Scotia firms face competition like never before in history. Instead of competing against other Canadian or U.S. firms, Nova Scotia exporters are competing with firms in Brazil and Indonesia. This is particularly true for our traditional industries such as forest products and seafood.

ƒƒ The median age of the population in Nova Scotia
is rising fast. This means there are relatively fewer young people as potential entrepreneurs and the older business owners may be less interested in taking the risk of building new

Source: Statistics Canada, International Trade Division, Exporter Register Database.


international markets. Table 2. Top 25 merchandise exports from Nova Scotia ($000s) Instead of focusing on small companies that ‘need the money’ to help them develop export markets, governments should be focused on more clearly defined export opportunities, looking to support specific industries and trying to link trade with investment, immigration and tourism to build greater economic linkages with specific, targeted countries.
Industry (NAICS): 32621 - Tire Manufacturing 31171 - Seafood Product Preparation and Packaging 11411 - Fishing 32211 - Pulp Mills 31141 - Frozen Food Manufacturing 32212 - Paper Mills 32611 - Unsupported Plastic Film, Sheet and Bags 32111 - Sawmills and Wood Preservation 41811 - Recyclable Metal Wholesaler-Distributors 33451 - Navigational, Measuring, Medical and Control Instruments Manufacturing 32629 - Other Rubber Product Manufacturing 32411 - Petroleum Refineries 33392 - Material Handling Equipment Manufacturing 33641 - Aerospace Product and Parts Manufacturing 32599 - All Other Chemical Product Manufacturing 33261 - Spring and Wire Product Manufacturing 32613 - Laminated Plastic Plate, Sheet and Shapes 21111 - Oil and Gas Extraction 33322 - Rubber and Plastics Industry Machinery 33422 - Radio and Television Broadcasting and Wireless Communications Equipment Manufacturing 31321 - Broad-Woven Fabric Mills 11212 - Dairy Cattle and Milk Production 32619 - Other Plastic Product Manufacturing 31411 - Carpet and Rug Mills 21239 - Other Non-Metallic Mineral Mining and Quarrying Sub-total Others Total (All Industries)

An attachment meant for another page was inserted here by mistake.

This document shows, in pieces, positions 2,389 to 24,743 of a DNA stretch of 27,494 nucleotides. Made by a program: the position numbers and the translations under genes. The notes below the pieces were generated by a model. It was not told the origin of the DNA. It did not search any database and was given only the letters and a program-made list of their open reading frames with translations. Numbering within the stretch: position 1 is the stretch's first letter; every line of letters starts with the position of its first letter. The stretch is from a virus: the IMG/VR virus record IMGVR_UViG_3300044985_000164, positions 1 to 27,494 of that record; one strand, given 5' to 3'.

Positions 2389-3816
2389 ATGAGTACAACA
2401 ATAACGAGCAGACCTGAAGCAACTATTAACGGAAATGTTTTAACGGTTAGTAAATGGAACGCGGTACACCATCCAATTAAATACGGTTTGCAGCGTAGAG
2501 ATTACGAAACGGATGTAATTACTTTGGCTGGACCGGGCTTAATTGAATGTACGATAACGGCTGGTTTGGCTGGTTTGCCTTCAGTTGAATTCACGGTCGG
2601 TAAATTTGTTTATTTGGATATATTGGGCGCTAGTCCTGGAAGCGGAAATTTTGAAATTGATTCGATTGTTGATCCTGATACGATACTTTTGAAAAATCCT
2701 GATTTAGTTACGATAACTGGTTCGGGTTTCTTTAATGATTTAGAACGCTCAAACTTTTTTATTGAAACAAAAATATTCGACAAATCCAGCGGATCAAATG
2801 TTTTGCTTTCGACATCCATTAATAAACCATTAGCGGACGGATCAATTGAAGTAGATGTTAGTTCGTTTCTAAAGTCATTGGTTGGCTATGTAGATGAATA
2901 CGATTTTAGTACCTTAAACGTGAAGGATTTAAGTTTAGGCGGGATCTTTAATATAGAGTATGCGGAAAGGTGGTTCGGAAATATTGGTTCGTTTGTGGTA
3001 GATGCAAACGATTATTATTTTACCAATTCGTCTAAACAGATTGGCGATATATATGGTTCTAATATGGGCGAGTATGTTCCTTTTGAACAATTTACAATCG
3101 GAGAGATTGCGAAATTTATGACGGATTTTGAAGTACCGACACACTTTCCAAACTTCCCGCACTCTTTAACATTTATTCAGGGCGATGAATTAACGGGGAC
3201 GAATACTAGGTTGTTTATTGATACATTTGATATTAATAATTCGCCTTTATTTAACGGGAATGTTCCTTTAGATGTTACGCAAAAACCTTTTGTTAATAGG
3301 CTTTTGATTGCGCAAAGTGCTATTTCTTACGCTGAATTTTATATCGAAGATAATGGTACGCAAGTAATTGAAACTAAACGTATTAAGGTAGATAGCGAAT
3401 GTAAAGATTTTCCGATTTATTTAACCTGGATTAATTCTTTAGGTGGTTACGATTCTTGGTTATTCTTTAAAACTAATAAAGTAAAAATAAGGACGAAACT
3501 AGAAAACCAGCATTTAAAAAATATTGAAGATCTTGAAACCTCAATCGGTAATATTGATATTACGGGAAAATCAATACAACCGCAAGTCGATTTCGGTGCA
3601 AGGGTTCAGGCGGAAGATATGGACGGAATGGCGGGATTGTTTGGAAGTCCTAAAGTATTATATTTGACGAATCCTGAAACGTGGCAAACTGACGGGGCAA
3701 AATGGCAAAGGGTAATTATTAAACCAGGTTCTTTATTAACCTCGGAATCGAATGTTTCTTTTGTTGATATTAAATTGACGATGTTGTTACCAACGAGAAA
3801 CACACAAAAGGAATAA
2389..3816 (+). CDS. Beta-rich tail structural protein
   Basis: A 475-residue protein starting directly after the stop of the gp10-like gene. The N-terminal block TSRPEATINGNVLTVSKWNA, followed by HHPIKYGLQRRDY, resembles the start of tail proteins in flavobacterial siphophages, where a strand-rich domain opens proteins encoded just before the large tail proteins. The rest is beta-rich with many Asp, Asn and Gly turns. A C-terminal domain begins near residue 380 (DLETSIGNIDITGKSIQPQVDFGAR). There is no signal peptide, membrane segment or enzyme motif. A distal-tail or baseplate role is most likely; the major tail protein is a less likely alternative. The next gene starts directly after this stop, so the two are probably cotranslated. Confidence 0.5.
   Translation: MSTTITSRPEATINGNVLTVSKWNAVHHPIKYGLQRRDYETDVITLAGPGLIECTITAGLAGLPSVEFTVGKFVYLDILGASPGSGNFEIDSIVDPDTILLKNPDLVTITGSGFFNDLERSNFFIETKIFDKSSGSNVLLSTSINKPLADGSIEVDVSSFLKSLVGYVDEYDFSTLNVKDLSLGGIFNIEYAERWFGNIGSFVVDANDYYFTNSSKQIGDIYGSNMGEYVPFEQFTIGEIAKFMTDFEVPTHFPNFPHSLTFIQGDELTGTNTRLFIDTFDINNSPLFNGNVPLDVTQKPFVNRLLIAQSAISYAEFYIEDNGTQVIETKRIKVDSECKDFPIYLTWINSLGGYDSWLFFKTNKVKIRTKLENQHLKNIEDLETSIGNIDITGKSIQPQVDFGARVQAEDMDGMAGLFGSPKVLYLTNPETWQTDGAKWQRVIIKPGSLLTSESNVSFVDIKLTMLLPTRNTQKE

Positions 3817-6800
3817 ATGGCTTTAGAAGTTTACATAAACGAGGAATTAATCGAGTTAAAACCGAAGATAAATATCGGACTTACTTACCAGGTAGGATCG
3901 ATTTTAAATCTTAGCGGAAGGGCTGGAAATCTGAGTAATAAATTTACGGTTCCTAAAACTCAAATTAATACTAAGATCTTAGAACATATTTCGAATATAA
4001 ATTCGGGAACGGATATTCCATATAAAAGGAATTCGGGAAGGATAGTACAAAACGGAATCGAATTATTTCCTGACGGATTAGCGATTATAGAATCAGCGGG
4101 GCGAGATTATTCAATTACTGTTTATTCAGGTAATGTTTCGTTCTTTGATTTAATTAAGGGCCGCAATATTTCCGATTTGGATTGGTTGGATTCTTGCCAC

Source: Industry Canada Trade Data Online.

2003 $ 685,956 634,136 560,134 191,138 76,951 472,607 68,540 193,501 23,956 64,793


10 Year % Change -23% -23% -14% 57% -76% 29% -58% 218% 2%

$ 1,028,102 50% 489,338 432,934 164,904 120,598 111,723 88,304 80,905 76,081 66,397

The competitive environment for most export markets has fundamentally changed. The cheap labour and undervalued Canadian currency advantages that supported Nova Scotia exports for more than two decades have all but disappeared. Now, we need to focus on exportable products and services where there is a demand and where we can compete. Natural resources are a fundamental part of this equation. Across Canada, natural resources-related revenue (including renewable resources such as forests, seafood and agriculture and non-renewable resources such as uranium, potash, oil and gas) accounts for the majority of national exports. In addition, natural resource industries are the fastest growing export sectors (Table 2). In Nova Scotia, by contrast, natural resources-related exports have been in decline (Table 2) and that has dampened economic growth and job creation in the province – particularly in smaller communities and rural areas. We need to spend considerable time thinking about what natural resource sectors have export potential and work to attract investment into those sectors But natural resources are not the only export area where Nova Scotia can compete. We need to focus on sectors where proximity to major U.S. and Canadian markets is an advantage (i.e. certain food manufacturing and just-in-time manufacturing processes). In addition, we need to foster service industries where

38,450 84,120 14,056 28,373 9,575 22,067 23,385 1,200,299 16,267 21,565

65,979 55,596 53,784 50,671 48,378 43,401 42,133 38,736 37,324 37,242

72% -34% 283% 79% 405% 97% 80% -97% 129% 73%

28,641 7,064 21,048 11,830 75,881 $ 4,574,336 $ 903,081 $ 5,477,416

28,675 21,644 20,618 19,907 18,729 $ 3,242,105 $ 579,626 $ 3,821,731

0% 206% -2% 68% -75% -29% -36% -30%

Table 3. Increase in Canada’s merchandise export value by selected industries (between 2013-2012)